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Trade Openness and Output Volatility

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  • Bejan, Maria

Abstract

This paper studies the effect of trade openness on output volatility. We find that trade openness generally increased output volatility, although this effect was stronger and more significant during 1950-1975 than during 1975-2000. However, if we split the sample into developed and developing countries, we observe that more openness increased volatility in developing countries, while it helped smooth output in developed countries. We also find that the size of the government may have increased volatility in less developed countries. Part of the positive relation between openness and volatility may be explained by the positive relation between openness and government size. Another important finding of this paper is that once we control for government size and some measures of external risk, such as terms of trade volatility and export concentration index, the effect of openness on the output volatility turns out to be negative.

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Bibliographic Info

Paper provided by University Library of Munich, Germany in its series MPRA Paper with number 2759.

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Date of creation: Feb 2006
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Handle: RePEc:pra:mprapa:2759

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Keywords: Trade; Openness; Volatility;

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Cited by:
  1. Vannoorenberghe, G., 2012. "Firm-level volatility and exports," Journal of International Economics, Elsevier, vol. 86(1), pages 57-67.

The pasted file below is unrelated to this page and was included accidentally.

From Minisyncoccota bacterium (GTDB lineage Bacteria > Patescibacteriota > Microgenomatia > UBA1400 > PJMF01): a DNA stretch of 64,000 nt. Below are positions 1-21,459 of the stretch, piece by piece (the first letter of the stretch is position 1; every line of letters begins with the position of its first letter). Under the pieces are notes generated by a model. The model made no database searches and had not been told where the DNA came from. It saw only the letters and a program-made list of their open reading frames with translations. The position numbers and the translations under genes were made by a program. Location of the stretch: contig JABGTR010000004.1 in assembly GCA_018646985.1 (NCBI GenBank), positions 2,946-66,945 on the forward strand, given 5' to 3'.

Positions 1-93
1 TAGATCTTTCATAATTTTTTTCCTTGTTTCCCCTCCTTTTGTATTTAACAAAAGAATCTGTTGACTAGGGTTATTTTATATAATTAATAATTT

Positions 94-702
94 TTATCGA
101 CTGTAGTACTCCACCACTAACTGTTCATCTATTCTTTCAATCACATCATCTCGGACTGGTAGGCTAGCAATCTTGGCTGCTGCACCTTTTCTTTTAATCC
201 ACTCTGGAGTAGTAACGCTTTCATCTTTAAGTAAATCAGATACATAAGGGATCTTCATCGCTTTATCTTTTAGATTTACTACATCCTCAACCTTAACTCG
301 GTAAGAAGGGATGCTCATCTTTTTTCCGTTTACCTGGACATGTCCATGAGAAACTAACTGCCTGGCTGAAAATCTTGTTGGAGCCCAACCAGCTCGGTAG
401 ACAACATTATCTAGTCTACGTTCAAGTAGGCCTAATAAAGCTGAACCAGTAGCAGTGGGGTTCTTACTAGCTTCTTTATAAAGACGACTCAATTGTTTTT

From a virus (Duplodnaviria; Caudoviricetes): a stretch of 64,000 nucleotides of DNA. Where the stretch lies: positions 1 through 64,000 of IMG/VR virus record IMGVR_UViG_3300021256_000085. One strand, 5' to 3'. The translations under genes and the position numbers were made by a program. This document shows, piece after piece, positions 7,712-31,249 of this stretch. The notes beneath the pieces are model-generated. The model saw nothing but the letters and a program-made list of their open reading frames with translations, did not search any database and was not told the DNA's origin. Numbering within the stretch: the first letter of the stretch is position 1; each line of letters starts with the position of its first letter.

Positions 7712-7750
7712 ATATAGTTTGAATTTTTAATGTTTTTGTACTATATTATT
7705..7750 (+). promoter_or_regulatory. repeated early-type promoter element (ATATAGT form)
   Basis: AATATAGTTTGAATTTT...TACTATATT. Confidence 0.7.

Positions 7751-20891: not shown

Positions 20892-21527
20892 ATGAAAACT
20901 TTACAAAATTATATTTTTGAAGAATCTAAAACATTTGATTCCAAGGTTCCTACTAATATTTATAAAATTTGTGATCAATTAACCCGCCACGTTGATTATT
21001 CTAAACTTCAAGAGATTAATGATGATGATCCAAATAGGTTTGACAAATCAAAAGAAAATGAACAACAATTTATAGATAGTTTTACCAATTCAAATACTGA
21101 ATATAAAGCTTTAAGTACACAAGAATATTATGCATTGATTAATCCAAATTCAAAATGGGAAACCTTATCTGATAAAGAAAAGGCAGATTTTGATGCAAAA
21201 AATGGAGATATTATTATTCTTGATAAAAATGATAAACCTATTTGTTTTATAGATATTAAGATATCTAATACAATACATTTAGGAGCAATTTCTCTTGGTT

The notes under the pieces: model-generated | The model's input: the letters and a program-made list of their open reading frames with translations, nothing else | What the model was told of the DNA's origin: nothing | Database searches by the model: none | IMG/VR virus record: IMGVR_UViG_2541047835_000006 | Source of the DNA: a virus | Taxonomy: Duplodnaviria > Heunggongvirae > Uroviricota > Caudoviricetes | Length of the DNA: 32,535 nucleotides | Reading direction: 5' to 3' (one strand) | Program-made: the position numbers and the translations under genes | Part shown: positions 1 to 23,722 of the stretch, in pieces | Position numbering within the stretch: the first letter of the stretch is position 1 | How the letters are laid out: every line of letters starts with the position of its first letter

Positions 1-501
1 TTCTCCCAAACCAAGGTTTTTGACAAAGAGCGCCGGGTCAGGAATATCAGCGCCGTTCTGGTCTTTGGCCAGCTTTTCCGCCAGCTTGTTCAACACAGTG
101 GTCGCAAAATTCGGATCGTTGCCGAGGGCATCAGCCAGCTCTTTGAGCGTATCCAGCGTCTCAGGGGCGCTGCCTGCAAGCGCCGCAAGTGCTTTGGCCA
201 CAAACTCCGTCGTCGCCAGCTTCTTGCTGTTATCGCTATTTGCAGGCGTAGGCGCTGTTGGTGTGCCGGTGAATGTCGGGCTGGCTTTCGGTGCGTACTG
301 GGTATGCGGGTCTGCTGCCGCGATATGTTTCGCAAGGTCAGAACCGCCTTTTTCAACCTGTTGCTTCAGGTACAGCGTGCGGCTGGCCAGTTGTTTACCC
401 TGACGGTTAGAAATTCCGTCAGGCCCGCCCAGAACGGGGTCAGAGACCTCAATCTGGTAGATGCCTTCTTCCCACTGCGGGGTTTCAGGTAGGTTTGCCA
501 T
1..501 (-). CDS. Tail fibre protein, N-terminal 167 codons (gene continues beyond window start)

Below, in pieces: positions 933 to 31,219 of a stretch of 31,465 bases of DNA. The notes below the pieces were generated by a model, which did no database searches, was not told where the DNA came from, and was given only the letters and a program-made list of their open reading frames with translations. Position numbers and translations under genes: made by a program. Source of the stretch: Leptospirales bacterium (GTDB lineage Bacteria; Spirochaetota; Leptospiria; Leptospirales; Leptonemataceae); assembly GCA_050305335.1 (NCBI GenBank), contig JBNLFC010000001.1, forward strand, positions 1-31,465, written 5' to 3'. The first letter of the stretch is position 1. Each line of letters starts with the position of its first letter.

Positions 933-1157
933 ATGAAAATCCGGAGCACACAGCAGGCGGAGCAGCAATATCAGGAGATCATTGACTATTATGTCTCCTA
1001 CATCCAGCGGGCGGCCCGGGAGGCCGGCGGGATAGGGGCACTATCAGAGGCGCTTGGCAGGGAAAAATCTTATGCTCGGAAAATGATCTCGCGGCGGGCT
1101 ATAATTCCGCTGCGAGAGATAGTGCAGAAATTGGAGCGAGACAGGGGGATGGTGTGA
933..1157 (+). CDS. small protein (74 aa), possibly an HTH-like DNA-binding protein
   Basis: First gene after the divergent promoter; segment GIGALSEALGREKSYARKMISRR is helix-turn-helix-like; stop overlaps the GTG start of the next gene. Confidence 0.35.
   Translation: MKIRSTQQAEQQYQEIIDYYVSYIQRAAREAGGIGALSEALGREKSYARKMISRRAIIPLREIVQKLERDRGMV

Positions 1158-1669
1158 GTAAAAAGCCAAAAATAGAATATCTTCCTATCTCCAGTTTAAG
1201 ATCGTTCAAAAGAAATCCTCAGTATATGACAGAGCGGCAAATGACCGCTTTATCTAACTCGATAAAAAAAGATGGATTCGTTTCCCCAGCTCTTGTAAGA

2. Juan de Dios Tena & César Salazar, 2008. "Explaining inflation and output volatility in Chile: an empirical analysis of forty years," REVISTA CUADERNOS DE ECONOMÍA, UN - RCE - CID.
  3. Julian di Giovanni & Andrei A. Levchenko, 2012. "The Risk Content of Exports: A Portfolio View of International Trade," NBER International Seminar on Macroeconomics, University of Chicago Press, vol. 8(1), pages 97 - 151.
  4. Haddad, Mona & Lim, Jamus Jerome & Pancaro, Cosimo & Saborowski, Christian, 2012. "Trade openness reduces growth volatility when countries are well diversified," Working Paper Series 1491, European Central Bank.
  5. Klomp, Jeroen & de Haan, Jakob, 2009. "Political institutions and economic volatility," European Journal of Political Economy, Elsevier, vol. 25(3), pages 311-326, September.
  6. Solomos, Dionysios & Papageorgiou, Theofanis & Koumparoulis, Dimitrios, 2012. "Financial Sector and Business Cycles Determinants in the EMU context: An Empirical Approach (1996-2011)," MPRA Paper 43858, University Library of Munich, Germany.
  7. Pamela Góngora Salazar, 2010. "Determinantes de la volatilidad en el producto: evidencia empírica," VNIVERSITAS ECONÓMICA 008297, UNIVERSIDAD JAVERIANA - BOGOTÁ.
  8. Kueh, Jerome Swee-Hui & Puah, Chin-Hong & Wong, Chiew-Meu, 2008. "Bounds Estimation for Trade Openness and Government Expenditure Nexus of ASEAN-4 Countries," MPRA Paper 12351, University Library of Munich, Germany.
  9. Andrei A. Levchenko & Julian di Giovanni, 2008. "Trade Openness and Volatility," IMF Working Papers 08/146, International Monetary Fund.
  10. Jang Ping Thia, 2008. "The impact of trade on aggregate productivity and welfare with heterogeneous firms and business cycle uncertainty," LSE Research Online Documents on Economics 28500, London School of Economics and Political Science, LSE Library.
  11. Matteo Cacciatore, 2012. "International Trade and Macroeconomic Dynamics with Labor Market Frictions," 2012 Meeting Papers 875, Society for Economic Dynamics.
  12. Spiliopoulos, Leonidas, 2010. "The determinants of macroeconomic volatility: A Bayesian model averaging approach," MPRA Paper 26832, University Library of Munich, Germany.
  13. Jang Ping Thia, 2008. "The Impact of Trade on Aggregate Productivity and Welfare with Heterogeneous Firms and Business Cycle Uncertainty," CEP Discussion Papers dp0883, Centre for Economic Performance, LSE.

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